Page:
Even Florida Gov. Ron DeSantis, presidential candidate in waiting, was compelled to break from his obsession with the culture wars to address the real war in Ukraine. On Fox & Friends, he mostly echoed Trump’s America First themes and Biden-blaming. And while DeSantis didn’t expressly oppose continued help for Ukraine, he did seem to play down the stakes: “It’s important to point out the fear of Russia going into NATO countries … is not even coming close to happening.”
Yes, well, that’s because Russia has been bogged down in Ukraine, thanks to the brave nation’s forces and Western help.
Back in 2014 DeSantis, then a hawkish, far-right congressman, assailed then-President Obama for not doing more to arm Ukraine after Russia seized Crimea. “When Putin sees he can gain an inch, he’s apt to take a mile,” DeSantis said.
If DeSantis joins the 2024 race, won’t he have to make the same arguments directly to Putin’s favorite former U.S. president? We’ll be watching.
A parallel intra-party battle will also play out in Congress. Biden, ever optimistic — to the point of delusion?— said in Poland, “For all the disagreement we have in our Congress on some issues, there is significant agreement on support for Ukraine.”
Los Angeles Times photographers document the battle in Ukraine after Russian forces invaded nearly a year ago.
He’s not wrong exactly. Most Republicans in Congress still do support Ukraine. To reassure allies of that, dozens attended the annual international security conference in Munich in recent days, and a small group led by the chairman of the House Foreign Affairs Committee peeled off to Kyiv to meet Tuesday with Zelensky.
Yet numbers don’t necessarily predict the future in the House. Given Republicans’ narrow majority, the lawmakers of the pro-MAGA, America First persuasion hold inordinate sway. All week they’ve posted on social media and ranted on Russia-friendly Fox News that Biden is “an embarrassment on the world stage,” that he should have visited the southern border or East Palestine, Ohio, instead of Kyiv. Eleven Republicans sponsored a “Ukraine Fatigue” resolution calling for an end to assistance.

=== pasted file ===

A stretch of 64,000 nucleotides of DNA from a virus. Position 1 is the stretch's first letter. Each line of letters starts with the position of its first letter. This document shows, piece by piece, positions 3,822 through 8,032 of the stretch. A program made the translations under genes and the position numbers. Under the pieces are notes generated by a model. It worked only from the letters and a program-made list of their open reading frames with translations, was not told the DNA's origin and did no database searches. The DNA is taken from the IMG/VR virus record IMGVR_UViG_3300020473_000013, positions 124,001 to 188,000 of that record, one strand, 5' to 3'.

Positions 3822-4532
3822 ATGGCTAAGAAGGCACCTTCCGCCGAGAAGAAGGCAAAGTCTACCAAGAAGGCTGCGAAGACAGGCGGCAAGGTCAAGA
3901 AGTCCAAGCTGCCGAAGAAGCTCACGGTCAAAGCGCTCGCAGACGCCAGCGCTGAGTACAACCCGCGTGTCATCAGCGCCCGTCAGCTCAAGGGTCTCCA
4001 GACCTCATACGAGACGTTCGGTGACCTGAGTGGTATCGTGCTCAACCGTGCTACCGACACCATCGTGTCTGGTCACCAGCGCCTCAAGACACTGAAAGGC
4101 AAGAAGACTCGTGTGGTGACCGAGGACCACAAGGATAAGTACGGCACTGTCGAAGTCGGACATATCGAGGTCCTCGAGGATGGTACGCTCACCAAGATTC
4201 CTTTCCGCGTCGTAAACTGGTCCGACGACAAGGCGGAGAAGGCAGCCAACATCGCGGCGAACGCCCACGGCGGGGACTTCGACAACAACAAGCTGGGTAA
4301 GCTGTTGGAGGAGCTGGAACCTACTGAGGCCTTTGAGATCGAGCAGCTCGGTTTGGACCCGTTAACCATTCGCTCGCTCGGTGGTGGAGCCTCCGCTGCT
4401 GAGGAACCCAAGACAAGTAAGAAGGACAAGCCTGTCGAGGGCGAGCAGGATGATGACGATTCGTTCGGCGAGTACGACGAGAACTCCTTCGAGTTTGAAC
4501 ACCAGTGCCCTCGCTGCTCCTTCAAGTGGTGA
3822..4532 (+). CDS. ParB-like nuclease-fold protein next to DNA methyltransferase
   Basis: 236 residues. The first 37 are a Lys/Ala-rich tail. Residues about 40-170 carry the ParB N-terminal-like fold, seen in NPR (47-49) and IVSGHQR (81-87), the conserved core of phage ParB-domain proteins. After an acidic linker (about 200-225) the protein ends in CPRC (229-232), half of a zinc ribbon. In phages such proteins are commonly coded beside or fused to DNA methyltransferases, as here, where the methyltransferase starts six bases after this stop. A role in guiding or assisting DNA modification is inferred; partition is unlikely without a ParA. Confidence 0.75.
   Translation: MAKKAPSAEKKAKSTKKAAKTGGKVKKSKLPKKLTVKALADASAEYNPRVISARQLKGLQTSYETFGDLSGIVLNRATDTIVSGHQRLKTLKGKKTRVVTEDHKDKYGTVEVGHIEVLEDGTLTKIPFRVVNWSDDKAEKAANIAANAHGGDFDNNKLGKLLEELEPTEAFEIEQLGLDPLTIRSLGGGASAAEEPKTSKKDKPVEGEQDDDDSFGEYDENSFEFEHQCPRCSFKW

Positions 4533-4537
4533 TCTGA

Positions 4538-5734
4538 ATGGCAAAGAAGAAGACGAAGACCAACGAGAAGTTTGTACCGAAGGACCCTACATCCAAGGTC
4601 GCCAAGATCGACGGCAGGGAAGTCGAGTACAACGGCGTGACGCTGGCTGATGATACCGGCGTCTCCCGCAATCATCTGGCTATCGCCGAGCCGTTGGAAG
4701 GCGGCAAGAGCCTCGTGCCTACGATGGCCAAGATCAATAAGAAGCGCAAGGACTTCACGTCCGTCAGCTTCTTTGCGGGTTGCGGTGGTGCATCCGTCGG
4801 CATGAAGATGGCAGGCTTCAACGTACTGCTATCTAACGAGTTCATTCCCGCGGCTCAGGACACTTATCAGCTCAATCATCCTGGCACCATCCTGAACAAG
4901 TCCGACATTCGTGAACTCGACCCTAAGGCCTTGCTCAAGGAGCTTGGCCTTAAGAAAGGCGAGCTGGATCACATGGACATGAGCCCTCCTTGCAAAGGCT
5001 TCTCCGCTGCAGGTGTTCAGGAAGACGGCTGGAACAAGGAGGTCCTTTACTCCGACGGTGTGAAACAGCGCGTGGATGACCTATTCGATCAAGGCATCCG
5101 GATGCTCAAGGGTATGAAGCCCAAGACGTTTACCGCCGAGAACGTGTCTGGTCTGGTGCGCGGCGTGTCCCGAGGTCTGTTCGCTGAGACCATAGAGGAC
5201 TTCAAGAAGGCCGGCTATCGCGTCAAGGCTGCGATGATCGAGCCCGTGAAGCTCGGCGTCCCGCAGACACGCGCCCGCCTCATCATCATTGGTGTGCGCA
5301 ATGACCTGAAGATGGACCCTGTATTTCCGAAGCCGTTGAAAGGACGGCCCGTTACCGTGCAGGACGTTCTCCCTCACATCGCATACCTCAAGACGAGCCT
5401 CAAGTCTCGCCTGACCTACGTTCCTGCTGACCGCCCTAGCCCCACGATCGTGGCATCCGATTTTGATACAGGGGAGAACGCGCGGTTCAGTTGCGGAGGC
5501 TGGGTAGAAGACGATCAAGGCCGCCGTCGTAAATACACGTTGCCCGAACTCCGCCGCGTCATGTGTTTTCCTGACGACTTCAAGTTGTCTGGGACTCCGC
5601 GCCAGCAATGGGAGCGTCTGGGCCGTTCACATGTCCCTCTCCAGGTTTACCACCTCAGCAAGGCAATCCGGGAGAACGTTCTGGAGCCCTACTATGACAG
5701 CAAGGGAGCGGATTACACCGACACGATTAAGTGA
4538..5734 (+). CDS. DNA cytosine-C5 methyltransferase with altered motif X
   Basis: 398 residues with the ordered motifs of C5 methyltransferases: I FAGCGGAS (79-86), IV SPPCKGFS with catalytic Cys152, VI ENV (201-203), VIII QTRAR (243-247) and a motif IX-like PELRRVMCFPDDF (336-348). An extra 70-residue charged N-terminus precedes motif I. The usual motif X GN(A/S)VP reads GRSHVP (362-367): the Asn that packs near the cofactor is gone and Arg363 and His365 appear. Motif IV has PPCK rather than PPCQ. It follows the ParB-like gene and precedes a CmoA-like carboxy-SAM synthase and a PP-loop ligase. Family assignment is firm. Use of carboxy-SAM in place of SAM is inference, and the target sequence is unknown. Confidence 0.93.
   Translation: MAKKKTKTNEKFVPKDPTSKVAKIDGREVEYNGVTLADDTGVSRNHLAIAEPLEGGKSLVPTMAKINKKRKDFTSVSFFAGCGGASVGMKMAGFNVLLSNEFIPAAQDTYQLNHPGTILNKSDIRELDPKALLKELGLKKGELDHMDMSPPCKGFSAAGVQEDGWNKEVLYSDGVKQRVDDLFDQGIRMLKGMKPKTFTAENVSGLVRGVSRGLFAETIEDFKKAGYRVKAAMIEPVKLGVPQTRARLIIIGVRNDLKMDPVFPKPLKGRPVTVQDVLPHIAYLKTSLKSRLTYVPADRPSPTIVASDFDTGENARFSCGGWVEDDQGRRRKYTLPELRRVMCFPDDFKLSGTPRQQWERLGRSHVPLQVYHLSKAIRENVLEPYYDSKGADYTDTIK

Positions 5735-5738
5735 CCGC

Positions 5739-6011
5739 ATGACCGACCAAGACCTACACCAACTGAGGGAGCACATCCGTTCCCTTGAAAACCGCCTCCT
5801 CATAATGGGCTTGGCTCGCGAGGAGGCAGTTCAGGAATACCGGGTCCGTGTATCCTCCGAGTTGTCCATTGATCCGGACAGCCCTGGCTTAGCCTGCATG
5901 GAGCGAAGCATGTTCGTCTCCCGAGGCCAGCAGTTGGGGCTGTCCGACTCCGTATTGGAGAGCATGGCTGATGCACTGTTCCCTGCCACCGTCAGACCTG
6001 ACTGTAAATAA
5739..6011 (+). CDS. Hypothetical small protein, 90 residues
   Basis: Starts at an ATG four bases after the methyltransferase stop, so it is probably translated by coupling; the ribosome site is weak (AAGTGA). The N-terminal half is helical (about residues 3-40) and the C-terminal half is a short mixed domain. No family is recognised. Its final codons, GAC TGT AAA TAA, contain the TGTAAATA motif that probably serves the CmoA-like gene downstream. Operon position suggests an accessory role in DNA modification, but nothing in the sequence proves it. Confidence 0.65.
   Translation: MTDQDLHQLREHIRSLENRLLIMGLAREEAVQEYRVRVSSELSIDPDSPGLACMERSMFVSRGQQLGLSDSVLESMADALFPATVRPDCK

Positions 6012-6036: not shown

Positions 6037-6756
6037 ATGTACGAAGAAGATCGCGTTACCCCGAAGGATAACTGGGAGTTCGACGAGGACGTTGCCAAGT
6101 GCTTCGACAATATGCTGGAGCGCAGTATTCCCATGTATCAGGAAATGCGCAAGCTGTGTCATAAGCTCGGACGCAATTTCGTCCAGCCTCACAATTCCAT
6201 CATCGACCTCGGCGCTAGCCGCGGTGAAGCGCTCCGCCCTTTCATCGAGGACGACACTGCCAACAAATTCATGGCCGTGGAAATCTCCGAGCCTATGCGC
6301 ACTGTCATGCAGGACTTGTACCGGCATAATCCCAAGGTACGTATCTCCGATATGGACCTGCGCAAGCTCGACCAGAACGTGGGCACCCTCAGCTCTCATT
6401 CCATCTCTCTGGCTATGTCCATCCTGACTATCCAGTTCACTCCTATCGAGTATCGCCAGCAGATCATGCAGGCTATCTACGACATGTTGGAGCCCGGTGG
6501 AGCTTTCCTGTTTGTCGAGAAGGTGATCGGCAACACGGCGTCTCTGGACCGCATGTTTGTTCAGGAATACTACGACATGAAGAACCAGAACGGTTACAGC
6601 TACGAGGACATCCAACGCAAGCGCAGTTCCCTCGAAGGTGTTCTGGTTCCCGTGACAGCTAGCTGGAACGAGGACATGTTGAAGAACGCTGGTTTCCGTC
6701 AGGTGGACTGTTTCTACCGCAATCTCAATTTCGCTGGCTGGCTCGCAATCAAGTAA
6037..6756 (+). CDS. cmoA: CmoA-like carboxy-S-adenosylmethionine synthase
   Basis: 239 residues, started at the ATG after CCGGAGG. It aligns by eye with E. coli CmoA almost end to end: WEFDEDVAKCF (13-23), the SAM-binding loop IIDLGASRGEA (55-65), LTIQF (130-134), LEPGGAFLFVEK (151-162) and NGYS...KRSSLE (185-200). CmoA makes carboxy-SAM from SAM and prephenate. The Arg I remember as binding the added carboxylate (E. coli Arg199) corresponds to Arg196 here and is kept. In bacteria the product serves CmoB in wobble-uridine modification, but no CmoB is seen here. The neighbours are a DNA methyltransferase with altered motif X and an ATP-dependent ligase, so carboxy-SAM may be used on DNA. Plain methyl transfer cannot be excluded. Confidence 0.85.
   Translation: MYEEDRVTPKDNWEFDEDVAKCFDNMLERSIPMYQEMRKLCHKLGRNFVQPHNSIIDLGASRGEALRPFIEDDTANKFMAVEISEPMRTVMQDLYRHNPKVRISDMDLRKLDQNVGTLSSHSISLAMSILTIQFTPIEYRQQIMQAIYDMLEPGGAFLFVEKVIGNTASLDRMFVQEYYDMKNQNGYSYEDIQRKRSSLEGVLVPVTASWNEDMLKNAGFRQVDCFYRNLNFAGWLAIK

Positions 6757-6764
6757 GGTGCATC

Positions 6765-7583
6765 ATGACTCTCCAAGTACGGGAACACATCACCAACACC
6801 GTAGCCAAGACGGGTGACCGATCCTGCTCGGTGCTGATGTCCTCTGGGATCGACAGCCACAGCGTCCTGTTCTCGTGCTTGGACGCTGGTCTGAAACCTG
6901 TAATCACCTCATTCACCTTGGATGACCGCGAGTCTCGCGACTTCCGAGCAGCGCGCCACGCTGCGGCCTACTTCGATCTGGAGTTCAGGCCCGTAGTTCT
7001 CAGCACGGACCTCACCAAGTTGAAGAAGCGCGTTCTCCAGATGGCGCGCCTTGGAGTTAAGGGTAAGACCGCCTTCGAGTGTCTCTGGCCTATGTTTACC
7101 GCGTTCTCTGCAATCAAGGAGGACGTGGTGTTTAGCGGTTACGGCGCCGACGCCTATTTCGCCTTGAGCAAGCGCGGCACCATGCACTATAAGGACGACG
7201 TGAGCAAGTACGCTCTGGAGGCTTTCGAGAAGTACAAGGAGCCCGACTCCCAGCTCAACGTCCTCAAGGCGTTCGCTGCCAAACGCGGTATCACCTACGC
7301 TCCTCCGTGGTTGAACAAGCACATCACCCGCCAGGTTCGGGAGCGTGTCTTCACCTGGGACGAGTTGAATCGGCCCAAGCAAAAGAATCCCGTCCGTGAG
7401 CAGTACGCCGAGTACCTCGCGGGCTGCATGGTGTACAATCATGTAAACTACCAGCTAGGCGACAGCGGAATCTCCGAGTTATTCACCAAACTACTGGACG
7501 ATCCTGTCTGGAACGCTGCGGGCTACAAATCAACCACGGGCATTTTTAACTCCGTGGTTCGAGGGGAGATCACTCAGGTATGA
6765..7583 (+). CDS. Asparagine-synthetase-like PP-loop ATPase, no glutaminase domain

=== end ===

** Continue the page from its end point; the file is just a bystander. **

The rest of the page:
Fatigue is even more widespread among the party’s voters — a fact that won’t be lost on waffling lawmakers and presidential wannabes. In a recent Washington Post-ABC News poll, half of Republicans said the U.S. is doing “too much” for Ukraine, up from 18% who said so early in the war.
Ironically, such evidence of skepticism of U.S. internationalism is the fault of old-guard Republicans, those who mostly support Ukraine. Strains of isolationism have long run through America, especially in rural areas and small towns where the Republican Party is now strongest. They grew significantly stronger post 9/11, when President George W. Bush’s decision to invade and rebuild Iraq resulted in two decades of lost American blood and treasure.
Now it’s up to some of the same Republicans who backed that war to make the case for the much more legitimate one in Ukraine, which really does matter to our national security.
Let the debate begin.
Get the latest from Jackie Calmes
Commentary on politics and more from award-winning opinion columnist.
You may occasionally receive promotional content from the Los Angeles Times.